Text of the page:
Expressing dissent is a hallmark of liberal democracy: Allahabad HC

Allahabad High Court

In a landmark judgment, the Allahabad High Court has said that "expressing dissent on law-and-order situation in a state is a hallmark of a constitutional liberal democracy like ours, and the same is constitutionally protected under Article 19 of the Constitution (that guarantees right to freedom of speech and expression)".

The court made the observation while quashing an FIR lodged against a person for his alleged remarks that the "Chief Minister of Uttar Pradesh has transformed the state into a jungle raj in which no law and order prevails"."

Allowing a writ petition filed by one Yashwant Singh, who had made this remark against Uttar Pradesh Chief Minister Yogi Adityanath on his Twitter handle, the High Court said it did not "find, even remotely, a commission of offence" under two sections mentioned in the FIR.

The FIR was registered on August 2, 2020 under Sections 500 (defamation) and 66-D (offence of cheating by personation by using computer resource) of Information Technology (Amendment) Act at Bhognipur police station in Kanpur Dehat district.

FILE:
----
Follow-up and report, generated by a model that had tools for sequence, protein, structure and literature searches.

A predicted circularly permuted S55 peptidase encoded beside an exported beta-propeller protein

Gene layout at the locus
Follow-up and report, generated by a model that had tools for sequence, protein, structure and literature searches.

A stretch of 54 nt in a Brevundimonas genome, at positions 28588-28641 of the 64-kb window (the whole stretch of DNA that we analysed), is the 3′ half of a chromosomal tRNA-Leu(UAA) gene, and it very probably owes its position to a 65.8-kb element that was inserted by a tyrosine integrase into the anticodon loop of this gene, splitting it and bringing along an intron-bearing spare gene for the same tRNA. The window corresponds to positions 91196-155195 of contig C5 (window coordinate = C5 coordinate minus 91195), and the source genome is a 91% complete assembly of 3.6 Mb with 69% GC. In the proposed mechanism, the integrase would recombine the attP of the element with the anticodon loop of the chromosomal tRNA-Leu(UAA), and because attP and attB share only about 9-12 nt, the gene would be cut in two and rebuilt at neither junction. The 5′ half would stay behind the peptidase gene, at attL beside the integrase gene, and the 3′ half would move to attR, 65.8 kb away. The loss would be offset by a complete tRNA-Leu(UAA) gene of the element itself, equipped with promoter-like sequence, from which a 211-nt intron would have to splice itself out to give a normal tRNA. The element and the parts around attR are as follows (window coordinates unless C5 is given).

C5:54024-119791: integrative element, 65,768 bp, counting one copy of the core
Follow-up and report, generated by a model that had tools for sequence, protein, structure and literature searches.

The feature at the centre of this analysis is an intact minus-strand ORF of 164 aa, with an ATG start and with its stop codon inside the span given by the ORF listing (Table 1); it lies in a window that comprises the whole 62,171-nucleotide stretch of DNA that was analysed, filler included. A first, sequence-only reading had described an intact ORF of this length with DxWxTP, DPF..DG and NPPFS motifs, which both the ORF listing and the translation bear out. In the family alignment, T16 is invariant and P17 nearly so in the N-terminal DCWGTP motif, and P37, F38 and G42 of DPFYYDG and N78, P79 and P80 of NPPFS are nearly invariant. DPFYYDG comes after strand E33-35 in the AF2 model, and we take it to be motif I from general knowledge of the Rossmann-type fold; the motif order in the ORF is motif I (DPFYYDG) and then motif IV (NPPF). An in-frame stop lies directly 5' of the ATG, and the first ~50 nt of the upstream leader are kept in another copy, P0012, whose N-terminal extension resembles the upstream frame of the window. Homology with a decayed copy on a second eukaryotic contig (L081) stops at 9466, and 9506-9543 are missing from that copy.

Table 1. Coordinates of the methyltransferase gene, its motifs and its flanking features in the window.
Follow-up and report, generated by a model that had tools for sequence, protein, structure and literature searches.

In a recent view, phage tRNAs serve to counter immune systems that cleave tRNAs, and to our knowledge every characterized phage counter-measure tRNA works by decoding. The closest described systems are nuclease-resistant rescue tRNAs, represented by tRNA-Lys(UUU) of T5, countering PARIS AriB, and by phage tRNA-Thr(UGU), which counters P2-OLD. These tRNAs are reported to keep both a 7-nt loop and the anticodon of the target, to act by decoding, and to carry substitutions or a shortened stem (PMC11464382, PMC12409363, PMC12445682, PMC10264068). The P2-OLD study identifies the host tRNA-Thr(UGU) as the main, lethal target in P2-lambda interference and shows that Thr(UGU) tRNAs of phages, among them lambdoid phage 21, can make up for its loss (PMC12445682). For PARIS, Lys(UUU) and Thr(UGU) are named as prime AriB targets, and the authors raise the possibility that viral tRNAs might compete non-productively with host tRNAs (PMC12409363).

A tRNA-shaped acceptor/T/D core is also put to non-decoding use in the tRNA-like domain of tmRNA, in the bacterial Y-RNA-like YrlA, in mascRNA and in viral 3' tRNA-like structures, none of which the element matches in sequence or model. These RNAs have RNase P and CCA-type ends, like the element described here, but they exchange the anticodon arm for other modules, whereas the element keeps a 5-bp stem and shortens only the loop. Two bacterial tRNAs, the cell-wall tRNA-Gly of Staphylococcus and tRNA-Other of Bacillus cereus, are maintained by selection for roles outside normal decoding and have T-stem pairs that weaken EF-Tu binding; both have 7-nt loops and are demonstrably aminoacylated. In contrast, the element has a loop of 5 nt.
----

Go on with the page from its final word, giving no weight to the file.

The FIR alleged that Singh had also made reference to various incidents of abduction, demand of ransom and murders in his tweet.

The counsel for the petitioner challenged the FIR before the court, contending that right to comment on the affairs of the state is well within his constitutional right envisaged under Article 19 of the Constitution.

The counsel said: "Mere dissent does not amount to criminality. The FIR has been lodged with a malicious intention to coerce the petitioner to stop expressing his dissent against the state government. Hence, no offence is made out against him."

However, during the court proceedings, the state counsel opposed the submissions of the petitioner's counsel.

While quashing the FIR and the entire consequential proceedings against the petitioner, a division bench comprising Justice Pankaj Naqvi and Justice Vivek Agarwal said: "We, after analysing the above provisions regarding allegations made in the FIR, do not find even remotely a commission of offence under Section 66-D, as the provision relates to cheating by impersonation."



(Only the headline and picture of this report may have been reworked by the Business Standard staff; the rest of the content is auto-generated from a syndicated feed.)

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